Forint stabilizes versus euro and dollar

MNB

The forint was trading at 314.91 to the euro late Monday on the interbank forex market, in narrow range between final quotes at 314.98 on Friday and 314.83 on Sunday. At 314.84 to the euro early Monday, the forint moved between 314.07 and 315.70, after a two-week low at 316.26 late Friday, and a more than five-week high at 309.05 both late last Monday and Tuesday.

 Over last week, the forint dropped 1.34% versus the euro, after rising 0.89% in the week before.

While the euro corrected up from a fall to stable compared to the week-end against the dollar by late afternoon, the Hungarian currency stabilized versus both after a plunge last week, as European Central Bank (ECB) action to expand money printing is seen delayed even if not for long, but a US Fed rate hike looms closer, but not too close, after comments of the Fedʼs Chair last week and fresh, mixed, US data on Monday.

On the domestic scene, the National Bank of Hungaryʼs (MNB) rate meeting last week reinforced JP Morganʼs view that Hungaryʼs central bank would keep rates low for long, likely until 2018, with risks tilted toward renewed rate cuts. Besides second-round effects, potential triggers for renewed MNB easing include additional quantitative easing by the ECB, "which we see a close call," JP Morgan analysts said on Monday.

Recent measures from the Hungarian central bank to stoke local banksʼ demand for Hungarian government bonds seem to be working, UniCredit said at the weekend. Foreigners reduced their local-currency government bond holdings by HUF 31.74 bln in the week ending September 22 and by HUF 683 bln year-to-date, but this has been offset by local bank buying. Fridayʼs cut to the overnight deposit rate should boost demand for Hungarian discount Treasury bills, and the central bank measures may also prompt investors to extend duration to the belly of the yield curve, UniCredit said.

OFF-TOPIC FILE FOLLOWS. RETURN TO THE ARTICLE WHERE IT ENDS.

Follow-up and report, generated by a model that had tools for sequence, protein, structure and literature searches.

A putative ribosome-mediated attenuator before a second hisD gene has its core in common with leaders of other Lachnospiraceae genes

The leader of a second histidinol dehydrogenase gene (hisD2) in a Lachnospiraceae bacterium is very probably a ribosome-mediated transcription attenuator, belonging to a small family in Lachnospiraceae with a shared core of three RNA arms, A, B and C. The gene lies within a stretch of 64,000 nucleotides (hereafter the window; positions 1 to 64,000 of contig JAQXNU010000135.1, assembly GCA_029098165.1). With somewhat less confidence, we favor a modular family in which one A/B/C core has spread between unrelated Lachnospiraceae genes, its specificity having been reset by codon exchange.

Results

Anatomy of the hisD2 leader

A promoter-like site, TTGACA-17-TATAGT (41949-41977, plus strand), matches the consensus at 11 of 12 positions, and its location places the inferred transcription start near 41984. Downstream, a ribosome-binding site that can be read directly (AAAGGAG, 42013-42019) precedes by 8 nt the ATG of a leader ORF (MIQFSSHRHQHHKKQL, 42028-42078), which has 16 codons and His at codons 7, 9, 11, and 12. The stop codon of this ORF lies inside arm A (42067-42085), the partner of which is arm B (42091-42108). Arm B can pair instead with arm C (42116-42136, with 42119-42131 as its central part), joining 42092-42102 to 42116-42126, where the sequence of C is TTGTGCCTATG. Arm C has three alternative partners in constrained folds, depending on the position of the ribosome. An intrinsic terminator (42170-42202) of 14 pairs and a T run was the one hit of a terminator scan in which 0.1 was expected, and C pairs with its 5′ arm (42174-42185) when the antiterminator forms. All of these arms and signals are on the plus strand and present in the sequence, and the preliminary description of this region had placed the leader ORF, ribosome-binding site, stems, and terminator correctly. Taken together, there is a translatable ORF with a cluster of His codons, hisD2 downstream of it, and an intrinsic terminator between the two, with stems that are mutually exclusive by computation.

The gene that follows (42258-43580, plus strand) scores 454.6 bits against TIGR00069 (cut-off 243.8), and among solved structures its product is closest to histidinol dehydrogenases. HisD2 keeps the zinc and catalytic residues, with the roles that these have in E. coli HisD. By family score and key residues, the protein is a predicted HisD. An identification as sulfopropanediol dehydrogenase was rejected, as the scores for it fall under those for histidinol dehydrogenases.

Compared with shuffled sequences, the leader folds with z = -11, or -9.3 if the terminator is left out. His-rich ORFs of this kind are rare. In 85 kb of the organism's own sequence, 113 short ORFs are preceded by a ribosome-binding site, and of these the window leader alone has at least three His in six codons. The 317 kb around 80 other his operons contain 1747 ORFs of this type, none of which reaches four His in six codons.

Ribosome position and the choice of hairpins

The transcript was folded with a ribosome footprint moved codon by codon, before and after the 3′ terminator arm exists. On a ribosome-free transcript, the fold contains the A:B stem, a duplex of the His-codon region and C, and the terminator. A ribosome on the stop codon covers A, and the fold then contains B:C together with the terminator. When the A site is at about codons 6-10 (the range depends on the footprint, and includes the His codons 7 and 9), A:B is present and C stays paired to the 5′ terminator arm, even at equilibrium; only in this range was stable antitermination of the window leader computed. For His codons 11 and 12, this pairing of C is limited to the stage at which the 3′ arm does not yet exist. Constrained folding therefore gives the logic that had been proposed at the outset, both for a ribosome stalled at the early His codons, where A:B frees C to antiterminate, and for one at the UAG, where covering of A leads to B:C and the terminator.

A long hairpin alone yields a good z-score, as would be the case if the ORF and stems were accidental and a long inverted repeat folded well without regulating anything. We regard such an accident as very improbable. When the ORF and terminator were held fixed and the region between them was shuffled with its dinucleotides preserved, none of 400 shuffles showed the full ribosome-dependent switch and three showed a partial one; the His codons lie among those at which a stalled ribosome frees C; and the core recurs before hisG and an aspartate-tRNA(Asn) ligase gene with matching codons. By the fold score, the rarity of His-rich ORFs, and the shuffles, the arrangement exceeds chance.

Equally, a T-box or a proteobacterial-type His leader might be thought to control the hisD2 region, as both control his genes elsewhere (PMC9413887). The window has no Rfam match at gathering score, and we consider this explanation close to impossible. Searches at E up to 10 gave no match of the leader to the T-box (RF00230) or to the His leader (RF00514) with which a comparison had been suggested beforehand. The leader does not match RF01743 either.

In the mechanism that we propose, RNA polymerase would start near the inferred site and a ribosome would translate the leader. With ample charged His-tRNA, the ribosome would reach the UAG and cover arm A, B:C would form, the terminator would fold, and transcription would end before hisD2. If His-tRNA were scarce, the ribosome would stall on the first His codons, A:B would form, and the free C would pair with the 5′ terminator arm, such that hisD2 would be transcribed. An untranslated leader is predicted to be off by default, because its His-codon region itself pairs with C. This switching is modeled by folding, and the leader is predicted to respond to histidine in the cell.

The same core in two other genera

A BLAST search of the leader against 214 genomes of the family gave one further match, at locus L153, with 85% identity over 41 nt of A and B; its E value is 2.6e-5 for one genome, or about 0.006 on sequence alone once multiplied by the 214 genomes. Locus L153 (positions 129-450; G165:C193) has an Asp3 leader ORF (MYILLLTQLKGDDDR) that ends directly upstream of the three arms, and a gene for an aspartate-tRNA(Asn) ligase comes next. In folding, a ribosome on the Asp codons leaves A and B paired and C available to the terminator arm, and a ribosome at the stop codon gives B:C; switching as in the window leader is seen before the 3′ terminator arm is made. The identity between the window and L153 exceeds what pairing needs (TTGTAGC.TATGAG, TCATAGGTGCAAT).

But other analysts doubt whether domestic investors could take over from non-residents if yields go down too much to their liking.

The amount quoted by UniCredit, HUF 683 bln year-to-date, is but a fraction of Hungaryʼs gross consolidated general government debt of HUF 25,881 bln at the end of June, or even of the nearly HUF 15,000 bln outstanding in government securities at end-August.

Foreign investors still hold more than 30% of Hungaryʼs stubbornly junk-rated debt, both forex liabilities and commercial general government local currency debt. Ever-sinking yields might make them more wary, risking a void that domestic investors can only fractionally fill for lack of capital.

When affirming Hungaryʼs below-investment rating about a week ago, Standard & Poorʼs deemed the efforts for "self-financing" of Hungaryʼs central bank a source of risk. "We view increased exposure of domestic banks to sovereign debt as a vulnerability as it reduces their ability to raise exposure to government debt during times of stress..." and "the 2008-2009 global financial crisis illustrated the rapidity with which nonresidents can sell local currency bonds if investor confidence falters," S&P said.

If the bond market starts to price in increased and/or extended public asset purchases by the ECB, investors could see further yield-tightening in the central European region.

The forint traded at 281.00 to the dollar, slightly up from 281.37 in final quotes on Friday and 281.10 on Sunday. On Monday, it moved between 280.74 and 282.88, after a more than six-week low at 284.00 late Friday.

It was quoted at 288.06 to the Swiss franc, up from 288.64 late Friday, but down from 286.99 late Sunday. Its range on Monday was 286.67 to 288.90, after a nearly three-week low at 289.23 Friday intraday. Since its crash to an all-time low at 378.49 to the franc on January 15 when the Swiss central bank scrapped its cap of 1.20 to the euro, it reached the highest at 281.07 on February 26.

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